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Dropping the Dramatic Illusion: A Narratological Model of Plautine Metatheater

Rachel Mazzara

University of Toronto

Since Plautus in Performance (Slater 1985), scholarship on Roman Comedy has acknowledged the non-illusory style of Plautus’ plays, which maintain no firm boundary between their content and their performance context. Consequently, metatheatrical characteristics such as asides, plays-within-the-play, and overt references to performance do not “break the fourth wall” or otherwise breach the dramatic illusion, since such an illusion is absent. Still, even excellent scholarship on Plautine self-referentiality (e.g., Sharrock 1996, Hardy 2005) occasionally adopts the vocabulary of illusory theater.

Continued use of such vocabulary suggests a lack of alternative models to describe the perspectives that characters may adopt toward their plays. To supplement this gap, I propose an adaptation of Gérard Genette’s model of narrative levels (1980), which describes the relationship between story and the act of narrating in novels. Genette argues that a story and its readers exist on separate ontological levels that are mediated through narration. Characters and events occupy the intradiegetic level, while readers and narrators occupy the extradiegetic level. The terms “intradiegetic” and “extradiegetic” denote relationships to diegesis. While Genette defines diegesis as the “spatiotemporal universe” in which a story is set (1969, 211), I adopt Remigius Bunia’s refined definition: diegesis is an interface between narrative levels consisting of what is explicitly communicated during narration (2010). In the latter sense, diegesis is not a fully-defined story-world, but it may imply one. Bunia concludes that Genette’s intradiegetic and extradiegetic levels are thus not ontological, but rather epistemological, categories that describe the perspectives of narrators, readers, and characters upon the story-world: the intradiegetic perspective views the story-world as real, while the extradiegetic perspective takes the real world as real.

My own argument first demonstrates that due to actors’ dual role as characters and storytellers, Genette’s model can describe the relationship between a play’s content and its performance context, even though it was designed for novels. Following Bunia’s refinement of diegesis, I propose that Plautine metatheater results from characters’ ability to adopt different perspectives on their plays depending upon where, if at all, they locate the act of narration. The deception scheme in Persa (470-672) provides an illustration: during the play-within-the-play in which Toxilus, Sagaristio, Saturio, and the uirgo trick Dordalus, the four protagonists recognize that their actions constitute the narration of their deceptive story and so show an extradiegetic perspective upon the inset play. At the same time, Dordalus, who does not know that the others are acting, adopts an intradiegetic perspective. In planning this trick, the protagonists refer to aspects of theatrical performance, including costuming (154-60, 335), rehearsal (379-382), and the aediles who organize the event (160). In alluding to the performance context of Persa itself, Toxilus and his allies reveal that they can, at times, adopt an extradiegetic perspective not only on the play-within-the-play, but even upon the play in which they are characters, switching between viewing themselves as inhabitants of the play-world and inhabitants of the audience’s world. Persa shows that Genette’s model of narrative levels can describe both plays-within-the-play and the broader performance.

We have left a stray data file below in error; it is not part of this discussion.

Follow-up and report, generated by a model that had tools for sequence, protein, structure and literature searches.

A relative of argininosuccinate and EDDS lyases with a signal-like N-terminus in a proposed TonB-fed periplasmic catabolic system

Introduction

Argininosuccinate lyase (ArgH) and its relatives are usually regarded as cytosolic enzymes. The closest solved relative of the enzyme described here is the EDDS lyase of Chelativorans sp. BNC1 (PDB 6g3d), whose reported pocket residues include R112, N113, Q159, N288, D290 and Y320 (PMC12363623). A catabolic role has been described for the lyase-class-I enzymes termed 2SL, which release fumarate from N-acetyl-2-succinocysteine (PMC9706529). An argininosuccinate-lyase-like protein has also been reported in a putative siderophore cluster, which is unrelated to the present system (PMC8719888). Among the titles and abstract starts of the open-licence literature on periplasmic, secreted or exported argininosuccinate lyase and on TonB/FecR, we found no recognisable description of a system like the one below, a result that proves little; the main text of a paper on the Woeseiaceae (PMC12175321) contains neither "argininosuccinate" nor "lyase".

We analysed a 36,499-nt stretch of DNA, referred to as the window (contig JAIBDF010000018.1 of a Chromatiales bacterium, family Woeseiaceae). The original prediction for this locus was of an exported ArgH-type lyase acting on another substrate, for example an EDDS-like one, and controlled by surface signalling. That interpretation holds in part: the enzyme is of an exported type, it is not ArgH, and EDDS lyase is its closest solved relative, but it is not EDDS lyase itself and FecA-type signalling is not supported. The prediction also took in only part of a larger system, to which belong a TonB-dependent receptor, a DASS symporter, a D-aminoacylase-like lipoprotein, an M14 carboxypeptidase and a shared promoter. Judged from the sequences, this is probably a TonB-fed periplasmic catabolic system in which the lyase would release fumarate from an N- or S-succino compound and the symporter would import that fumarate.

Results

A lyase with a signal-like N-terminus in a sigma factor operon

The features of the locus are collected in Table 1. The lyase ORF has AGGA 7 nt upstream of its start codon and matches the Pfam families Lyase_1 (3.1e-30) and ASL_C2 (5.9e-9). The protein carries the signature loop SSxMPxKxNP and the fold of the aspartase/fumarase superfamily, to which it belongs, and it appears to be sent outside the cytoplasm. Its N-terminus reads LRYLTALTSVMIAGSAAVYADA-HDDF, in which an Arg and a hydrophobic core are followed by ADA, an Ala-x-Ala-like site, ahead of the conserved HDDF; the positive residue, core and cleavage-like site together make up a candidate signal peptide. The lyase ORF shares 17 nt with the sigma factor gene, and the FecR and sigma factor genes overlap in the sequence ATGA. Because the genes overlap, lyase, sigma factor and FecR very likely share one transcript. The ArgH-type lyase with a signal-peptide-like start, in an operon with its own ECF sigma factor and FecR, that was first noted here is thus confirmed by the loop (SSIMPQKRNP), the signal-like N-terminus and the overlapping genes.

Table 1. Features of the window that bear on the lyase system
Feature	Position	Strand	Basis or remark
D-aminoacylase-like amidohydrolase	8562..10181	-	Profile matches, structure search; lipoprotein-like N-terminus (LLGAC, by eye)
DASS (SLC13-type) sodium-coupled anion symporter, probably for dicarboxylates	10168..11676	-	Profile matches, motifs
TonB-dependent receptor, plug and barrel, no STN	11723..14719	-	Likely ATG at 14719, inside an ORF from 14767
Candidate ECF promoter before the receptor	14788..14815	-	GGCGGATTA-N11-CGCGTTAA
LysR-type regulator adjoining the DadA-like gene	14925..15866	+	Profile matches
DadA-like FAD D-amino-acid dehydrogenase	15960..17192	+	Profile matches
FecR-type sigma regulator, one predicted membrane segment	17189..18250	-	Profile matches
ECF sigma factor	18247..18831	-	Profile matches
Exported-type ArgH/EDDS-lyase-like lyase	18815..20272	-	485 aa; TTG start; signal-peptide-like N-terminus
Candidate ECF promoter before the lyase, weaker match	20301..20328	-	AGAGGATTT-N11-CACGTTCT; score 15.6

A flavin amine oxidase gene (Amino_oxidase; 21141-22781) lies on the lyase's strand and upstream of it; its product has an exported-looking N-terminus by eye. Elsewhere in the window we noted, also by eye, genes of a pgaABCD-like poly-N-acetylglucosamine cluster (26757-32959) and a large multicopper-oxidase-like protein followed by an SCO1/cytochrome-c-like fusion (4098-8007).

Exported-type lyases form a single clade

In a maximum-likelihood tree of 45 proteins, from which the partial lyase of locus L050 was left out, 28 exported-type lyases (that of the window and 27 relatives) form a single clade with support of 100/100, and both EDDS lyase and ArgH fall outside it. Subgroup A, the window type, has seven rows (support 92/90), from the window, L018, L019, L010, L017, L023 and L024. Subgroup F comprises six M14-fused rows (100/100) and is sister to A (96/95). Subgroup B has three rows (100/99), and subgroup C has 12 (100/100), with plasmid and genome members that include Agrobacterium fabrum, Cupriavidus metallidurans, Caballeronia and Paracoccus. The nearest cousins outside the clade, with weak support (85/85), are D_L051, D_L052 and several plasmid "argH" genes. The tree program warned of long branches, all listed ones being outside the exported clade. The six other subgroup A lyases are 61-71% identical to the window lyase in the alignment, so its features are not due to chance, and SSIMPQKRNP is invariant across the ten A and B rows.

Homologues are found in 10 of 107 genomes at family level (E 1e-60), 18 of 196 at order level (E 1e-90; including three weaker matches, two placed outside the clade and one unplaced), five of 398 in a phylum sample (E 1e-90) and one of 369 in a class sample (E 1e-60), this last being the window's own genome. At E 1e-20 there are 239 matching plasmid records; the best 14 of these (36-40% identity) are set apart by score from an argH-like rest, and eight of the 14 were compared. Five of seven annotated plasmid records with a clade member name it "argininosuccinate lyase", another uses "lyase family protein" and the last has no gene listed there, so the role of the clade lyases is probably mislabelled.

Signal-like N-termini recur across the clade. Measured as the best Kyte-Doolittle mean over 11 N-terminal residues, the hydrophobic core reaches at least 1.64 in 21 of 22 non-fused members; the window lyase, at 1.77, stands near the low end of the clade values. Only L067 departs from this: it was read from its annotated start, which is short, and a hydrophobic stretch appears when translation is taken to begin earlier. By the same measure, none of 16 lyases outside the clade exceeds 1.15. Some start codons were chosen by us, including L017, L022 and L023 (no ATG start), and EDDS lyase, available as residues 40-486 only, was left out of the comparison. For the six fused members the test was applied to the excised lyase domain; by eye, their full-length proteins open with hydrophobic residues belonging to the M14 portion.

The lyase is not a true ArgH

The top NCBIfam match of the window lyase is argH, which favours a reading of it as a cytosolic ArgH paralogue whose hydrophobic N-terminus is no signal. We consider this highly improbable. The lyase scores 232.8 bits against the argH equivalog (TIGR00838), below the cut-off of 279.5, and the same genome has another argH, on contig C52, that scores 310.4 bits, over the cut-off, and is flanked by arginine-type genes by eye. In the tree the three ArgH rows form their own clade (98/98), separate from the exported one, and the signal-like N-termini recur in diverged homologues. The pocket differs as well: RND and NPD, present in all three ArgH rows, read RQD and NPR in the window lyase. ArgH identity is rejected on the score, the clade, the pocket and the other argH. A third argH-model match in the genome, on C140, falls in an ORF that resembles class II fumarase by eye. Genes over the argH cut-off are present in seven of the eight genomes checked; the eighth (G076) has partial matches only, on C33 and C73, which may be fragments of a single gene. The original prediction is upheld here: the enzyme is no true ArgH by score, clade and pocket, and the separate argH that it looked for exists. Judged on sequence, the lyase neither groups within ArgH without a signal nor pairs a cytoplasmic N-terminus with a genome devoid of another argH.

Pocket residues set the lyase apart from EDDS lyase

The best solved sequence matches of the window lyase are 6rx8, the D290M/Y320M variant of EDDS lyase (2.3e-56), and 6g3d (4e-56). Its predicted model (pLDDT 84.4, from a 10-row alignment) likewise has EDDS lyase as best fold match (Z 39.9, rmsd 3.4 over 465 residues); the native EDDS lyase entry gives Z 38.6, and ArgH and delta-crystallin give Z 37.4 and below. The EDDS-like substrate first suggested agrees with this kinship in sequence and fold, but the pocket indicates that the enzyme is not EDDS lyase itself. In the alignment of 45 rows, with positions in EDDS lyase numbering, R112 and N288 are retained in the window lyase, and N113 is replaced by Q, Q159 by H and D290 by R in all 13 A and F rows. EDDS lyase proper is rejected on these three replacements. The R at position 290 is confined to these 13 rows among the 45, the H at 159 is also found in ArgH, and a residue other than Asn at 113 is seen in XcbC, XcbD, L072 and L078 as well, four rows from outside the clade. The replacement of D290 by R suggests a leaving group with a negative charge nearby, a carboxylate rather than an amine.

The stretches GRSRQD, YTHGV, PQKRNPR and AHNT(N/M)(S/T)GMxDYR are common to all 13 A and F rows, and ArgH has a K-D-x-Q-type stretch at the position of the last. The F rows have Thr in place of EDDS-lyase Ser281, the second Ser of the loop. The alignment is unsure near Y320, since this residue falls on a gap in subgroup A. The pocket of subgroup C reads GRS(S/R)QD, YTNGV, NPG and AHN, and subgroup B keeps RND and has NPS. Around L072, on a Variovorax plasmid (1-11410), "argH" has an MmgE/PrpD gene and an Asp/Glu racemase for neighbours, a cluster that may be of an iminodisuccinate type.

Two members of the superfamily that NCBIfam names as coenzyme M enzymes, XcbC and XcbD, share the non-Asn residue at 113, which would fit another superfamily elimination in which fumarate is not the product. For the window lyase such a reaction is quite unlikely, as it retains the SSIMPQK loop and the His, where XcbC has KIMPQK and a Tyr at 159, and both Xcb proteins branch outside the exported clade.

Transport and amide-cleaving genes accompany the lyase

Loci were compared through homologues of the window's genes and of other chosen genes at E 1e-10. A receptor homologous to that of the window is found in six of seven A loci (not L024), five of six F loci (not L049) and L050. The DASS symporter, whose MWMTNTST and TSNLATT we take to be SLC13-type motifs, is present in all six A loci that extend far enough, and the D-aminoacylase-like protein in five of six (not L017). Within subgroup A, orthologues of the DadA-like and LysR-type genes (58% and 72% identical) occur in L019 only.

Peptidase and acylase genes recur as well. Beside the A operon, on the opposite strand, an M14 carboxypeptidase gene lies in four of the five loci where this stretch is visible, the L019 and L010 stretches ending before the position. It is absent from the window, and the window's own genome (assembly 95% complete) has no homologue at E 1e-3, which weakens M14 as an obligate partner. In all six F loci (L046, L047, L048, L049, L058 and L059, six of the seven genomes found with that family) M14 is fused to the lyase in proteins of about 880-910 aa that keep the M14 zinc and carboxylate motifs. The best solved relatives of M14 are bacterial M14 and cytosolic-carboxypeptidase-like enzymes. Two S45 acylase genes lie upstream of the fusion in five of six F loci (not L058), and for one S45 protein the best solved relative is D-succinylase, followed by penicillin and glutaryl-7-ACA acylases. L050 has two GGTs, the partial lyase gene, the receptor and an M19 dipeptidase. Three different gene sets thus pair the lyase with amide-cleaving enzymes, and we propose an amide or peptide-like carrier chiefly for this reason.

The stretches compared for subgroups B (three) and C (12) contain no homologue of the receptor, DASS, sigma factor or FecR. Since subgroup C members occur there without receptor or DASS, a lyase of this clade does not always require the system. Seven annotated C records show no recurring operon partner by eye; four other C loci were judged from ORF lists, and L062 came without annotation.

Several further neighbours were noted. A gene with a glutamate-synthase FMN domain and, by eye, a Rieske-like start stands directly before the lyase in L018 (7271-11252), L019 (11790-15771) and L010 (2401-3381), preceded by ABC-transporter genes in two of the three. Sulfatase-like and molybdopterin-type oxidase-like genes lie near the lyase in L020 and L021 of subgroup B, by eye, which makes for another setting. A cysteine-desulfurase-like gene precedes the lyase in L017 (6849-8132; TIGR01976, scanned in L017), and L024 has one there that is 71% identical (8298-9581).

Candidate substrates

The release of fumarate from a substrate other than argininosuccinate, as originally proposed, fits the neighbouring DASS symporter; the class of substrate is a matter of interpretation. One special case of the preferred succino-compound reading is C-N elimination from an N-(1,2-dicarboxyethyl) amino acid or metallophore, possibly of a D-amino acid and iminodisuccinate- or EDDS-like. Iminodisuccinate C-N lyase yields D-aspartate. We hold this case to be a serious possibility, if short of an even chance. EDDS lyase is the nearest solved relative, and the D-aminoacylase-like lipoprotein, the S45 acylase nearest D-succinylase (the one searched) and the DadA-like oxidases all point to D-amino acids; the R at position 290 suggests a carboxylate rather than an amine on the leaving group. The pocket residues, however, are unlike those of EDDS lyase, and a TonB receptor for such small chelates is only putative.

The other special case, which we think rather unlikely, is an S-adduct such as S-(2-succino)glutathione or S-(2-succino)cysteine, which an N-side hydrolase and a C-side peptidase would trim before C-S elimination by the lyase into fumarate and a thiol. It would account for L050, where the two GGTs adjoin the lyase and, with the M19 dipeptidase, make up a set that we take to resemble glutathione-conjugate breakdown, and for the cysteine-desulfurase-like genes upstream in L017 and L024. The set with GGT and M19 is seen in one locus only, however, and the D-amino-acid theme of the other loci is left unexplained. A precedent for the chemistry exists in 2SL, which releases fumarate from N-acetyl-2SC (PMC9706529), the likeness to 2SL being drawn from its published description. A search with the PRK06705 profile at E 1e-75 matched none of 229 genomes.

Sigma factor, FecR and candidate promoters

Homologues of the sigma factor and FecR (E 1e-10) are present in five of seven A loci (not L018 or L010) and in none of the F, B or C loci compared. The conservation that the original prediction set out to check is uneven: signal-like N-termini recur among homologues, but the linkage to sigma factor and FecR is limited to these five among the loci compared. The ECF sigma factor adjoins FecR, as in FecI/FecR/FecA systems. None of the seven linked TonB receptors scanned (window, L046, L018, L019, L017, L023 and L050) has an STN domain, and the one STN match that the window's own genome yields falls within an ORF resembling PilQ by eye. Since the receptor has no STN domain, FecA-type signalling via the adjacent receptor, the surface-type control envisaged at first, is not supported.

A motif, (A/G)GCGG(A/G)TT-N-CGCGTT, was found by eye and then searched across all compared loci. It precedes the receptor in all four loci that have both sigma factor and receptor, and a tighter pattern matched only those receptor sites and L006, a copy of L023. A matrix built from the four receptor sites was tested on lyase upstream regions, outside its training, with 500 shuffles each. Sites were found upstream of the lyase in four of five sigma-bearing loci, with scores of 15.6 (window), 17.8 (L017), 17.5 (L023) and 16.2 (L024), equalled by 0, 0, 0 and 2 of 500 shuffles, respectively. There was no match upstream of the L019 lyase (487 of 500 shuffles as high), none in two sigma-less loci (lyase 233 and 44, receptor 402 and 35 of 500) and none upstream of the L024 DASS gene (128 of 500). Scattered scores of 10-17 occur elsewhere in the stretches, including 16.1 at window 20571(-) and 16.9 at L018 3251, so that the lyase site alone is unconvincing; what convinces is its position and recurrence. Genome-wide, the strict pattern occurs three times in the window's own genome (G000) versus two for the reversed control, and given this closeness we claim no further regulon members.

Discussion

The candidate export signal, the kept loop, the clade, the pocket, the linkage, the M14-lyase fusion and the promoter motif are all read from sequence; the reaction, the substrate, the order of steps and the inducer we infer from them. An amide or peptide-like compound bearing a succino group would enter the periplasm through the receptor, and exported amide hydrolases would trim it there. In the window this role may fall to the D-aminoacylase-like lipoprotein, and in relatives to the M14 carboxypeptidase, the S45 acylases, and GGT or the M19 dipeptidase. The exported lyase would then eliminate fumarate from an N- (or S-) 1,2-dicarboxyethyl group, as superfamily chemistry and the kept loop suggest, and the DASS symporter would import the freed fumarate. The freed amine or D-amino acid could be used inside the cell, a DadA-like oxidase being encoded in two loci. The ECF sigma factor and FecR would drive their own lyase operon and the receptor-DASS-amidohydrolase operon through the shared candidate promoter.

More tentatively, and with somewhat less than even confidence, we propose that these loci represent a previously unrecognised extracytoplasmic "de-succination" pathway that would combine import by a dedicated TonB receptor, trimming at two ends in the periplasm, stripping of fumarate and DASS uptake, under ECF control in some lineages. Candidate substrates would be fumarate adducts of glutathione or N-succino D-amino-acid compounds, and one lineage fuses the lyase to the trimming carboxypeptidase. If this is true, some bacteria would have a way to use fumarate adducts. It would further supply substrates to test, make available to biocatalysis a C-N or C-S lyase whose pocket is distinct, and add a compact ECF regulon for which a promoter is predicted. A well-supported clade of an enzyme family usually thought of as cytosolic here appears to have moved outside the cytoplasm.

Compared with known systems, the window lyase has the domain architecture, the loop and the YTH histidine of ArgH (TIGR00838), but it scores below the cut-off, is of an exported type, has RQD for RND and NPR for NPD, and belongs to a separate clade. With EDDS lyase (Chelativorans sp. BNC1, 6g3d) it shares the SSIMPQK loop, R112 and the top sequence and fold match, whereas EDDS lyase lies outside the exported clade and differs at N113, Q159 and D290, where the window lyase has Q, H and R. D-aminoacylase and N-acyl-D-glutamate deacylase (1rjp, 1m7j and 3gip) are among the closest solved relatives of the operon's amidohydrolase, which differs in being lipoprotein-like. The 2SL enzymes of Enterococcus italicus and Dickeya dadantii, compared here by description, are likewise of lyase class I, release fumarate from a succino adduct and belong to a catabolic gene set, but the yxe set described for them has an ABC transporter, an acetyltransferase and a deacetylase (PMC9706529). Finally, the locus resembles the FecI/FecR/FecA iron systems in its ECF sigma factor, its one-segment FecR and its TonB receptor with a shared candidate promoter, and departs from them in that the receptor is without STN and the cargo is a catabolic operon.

Because these perspectives are concerned with epistemology (how the characters understand their relationship to the play-world) rather than ontology (whether the characters belong to the play-world or the real world), I argue that in contrast to the vocabulary of illusory theater, this model does not inaccurately imply a boundary between the play’s content and context. The examples from Persa demonstrate the potential of a customized narratological model both to define the epistemic mechanics of Plautus’ metatheater and to give a precise vocabulary to scholarship on dramatic self-referentiality. I conclude with the suggestion that such a model realigns Plautus’ metatheatrical moments with Lionel Abel’s original concept of metatheater: when Plautine characters reference performance extradiegetically, they are not breaking the fourth wall of an illusory theater but living a “life seen as already theatricalized” (1963, 60).

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Greek and Latin Comedy

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